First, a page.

Islam – Peace or Violence?

Ironically, whilst Islam means “submission” it stems from the same root as the Arabic salām سَلاَم‎ meaning “peace”. Numerous people have referenced its over 100 verses suggestive of killing varieties of “unbelievers”, yet it also condemns the taking of a single “innocent life” as equivalent to murdering the whole world. Like all religions, it seems, there is plenty of Scripture to cut and paste and formulate one’s own intolerant beliefs, or to foment and indoctrinate via human interpretation.

Just compare the negative Quran quotations with some of the more positive verses, including:

“Let there be no compulsion in religion. Truth stands out clear from error; whoever rejects evil and believes in God has grasped the most trustworthy hand-hold that never breaks. And God hears and knows all things.” – Qur’an, Al-Baqarah, 2:256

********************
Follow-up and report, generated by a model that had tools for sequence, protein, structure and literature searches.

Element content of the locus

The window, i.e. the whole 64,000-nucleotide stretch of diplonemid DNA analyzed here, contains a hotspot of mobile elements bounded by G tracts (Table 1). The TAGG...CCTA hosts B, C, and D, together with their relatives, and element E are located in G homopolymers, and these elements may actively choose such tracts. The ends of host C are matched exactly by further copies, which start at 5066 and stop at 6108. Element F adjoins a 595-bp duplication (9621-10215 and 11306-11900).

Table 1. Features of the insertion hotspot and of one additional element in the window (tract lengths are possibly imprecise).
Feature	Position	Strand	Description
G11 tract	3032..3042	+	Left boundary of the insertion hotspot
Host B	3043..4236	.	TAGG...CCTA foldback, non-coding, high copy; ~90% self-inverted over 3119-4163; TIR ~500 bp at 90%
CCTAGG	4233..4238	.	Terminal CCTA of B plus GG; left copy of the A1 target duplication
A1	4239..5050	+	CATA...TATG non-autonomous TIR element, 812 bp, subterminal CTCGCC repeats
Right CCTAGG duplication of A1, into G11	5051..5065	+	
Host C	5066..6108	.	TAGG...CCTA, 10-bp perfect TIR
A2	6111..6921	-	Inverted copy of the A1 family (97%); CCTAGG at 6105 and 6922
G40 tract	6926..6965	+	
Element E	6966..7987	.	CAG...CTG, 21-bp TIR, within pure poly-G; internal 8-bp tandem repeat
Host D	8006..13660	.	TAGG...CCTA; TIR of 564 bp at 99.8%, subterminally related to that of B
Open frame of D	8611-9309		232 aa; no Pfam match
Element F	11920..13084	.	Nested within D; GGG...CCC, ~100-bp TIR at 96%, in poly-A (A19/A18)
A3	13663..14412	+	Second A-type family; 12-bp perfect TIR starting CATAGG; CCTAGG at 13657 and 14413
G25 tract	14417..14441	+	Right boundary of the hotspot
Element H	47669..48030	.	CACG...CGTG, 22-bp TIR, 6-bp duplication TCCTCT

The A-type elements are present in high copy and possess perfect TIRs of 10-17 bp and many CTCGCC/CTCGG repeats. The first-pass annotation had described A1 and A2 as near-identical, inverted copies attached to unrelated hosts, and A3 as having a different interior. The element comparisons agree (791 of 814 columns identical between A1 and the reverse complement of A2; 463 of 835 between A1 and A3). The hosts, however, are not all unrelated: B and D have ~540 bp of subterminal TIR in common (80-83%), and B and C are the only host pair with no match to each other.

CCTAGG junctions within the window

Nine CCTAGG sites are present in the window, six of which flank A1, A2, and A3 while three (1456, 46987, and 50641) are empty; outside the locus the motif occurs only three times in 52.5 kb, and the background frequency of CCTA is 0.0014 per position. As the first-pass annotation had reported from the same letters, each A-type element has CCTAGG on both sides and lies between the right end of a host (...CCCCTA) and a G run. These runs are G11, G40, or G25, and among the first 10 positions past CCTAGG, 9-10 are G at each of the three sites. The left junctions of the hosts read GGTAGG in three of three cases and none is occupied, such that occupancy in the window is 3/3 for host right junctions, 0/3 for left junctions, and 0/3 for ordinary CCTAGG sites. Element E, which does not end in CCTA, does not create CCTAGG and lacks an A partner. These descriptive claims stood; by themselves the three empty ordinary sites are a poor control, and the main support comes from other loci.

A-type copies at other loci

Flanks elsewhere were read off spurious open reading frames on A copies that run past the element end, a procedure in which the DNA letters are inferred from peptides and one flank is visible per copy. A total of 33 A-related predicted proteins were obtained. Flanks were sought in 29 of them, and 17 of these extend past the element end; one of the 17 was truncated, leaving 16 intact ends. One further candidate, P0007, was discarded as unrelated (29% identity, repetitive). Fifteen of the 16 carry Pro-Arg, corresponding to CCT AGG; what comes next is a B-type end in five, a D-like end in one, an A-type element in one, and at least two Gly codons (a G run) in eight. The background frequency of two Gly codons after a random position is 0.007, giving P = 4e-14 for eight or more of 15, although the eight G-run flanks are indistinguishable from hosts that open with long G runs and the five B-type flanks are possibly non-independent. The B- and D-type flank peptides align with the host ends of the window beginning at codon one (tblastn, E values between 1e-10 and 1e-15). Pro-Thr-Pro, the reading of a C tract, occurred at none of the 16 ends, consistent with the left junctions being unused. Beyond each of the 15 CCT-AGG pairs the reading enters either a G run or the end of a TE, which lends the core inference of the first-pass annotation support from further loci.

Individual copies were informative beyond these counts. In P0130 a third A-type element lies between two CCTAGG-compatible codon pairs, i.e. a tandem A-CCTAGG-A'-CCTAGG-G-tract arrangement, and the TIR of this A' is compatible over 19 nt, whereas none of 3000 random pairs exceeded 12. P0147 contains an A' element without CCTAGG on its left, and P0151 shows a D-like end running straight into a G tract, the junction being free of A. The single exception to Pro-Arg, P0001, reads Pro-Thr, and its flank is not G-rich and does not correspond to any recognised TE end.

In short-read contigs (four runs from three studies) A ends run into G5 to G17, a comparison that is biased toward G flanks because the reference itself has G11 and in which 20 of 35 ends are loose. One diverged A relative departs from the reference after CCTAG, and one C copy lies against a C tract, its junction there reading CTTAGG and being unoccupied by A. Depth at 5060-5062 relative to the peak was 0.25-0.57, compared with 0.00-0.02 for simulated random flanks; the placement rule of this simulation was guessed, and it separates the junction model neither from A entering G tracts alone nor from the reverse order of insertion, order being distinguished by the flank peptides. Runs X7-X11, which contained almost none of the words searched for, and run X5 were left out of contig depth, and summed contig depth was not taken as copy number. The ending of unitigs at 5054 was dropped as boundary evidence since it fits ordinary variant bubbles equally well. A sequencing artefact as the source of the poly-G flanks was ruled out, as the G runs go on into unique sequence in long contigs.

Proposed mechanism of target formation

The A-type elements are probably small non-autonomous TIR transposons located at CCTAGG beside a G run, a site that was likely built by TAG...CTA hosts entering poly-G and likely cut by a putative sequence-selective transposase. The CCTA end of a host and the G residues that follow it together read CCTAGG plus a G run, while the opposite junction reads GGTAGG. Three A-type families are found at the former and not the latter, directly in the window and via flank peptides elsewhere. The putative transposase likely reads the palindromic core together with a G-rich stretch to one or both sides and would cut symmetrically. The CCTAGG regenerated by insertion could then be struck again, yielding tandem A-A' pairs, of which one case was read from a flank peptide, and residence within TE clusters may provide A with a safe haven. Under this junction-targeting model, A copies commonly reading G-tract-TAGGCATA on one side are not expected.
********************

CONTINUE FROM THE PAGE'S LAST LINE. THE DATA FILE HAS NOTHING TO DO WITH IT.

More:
Indeed, all three monotheistic religions have scriptures calling for tolerance, mercy, love and peace. What we choose to focus on, judge by, is therefore, a function of our beliefs, not something we can justify by selective religious reasoning.

State Sanctioned Hypocrisy

The hypocrisy of not only Saudi Arabia, but those nations and leaders that visited the country in the wake of the recent death of the king, even flying flags at half-mast, like England but not Scotland, is visible to all. Transparently and desperately trying to get in with the new king to gain access to oil, defence, and trade agreements.

As Abulkair has written:

“As long as the oil keeps flowing, the world will turn a blind eye if Saudi Arabia continues to crack down on freedom and human rights.”

Saudi’s own hypocrisy lies in not exercising mercy and tolerance in order to deserve the same, principles cited by Muhammad himself:

“No mercy would be shown to him who does not show mercy”, Muhammad in Sahih Al-Bukhari and in Sahih Muslim

“Be tolerant to be tolerated”, Muhammad narrated in Ahmad Ibn Hanbal, Musnad 1/248.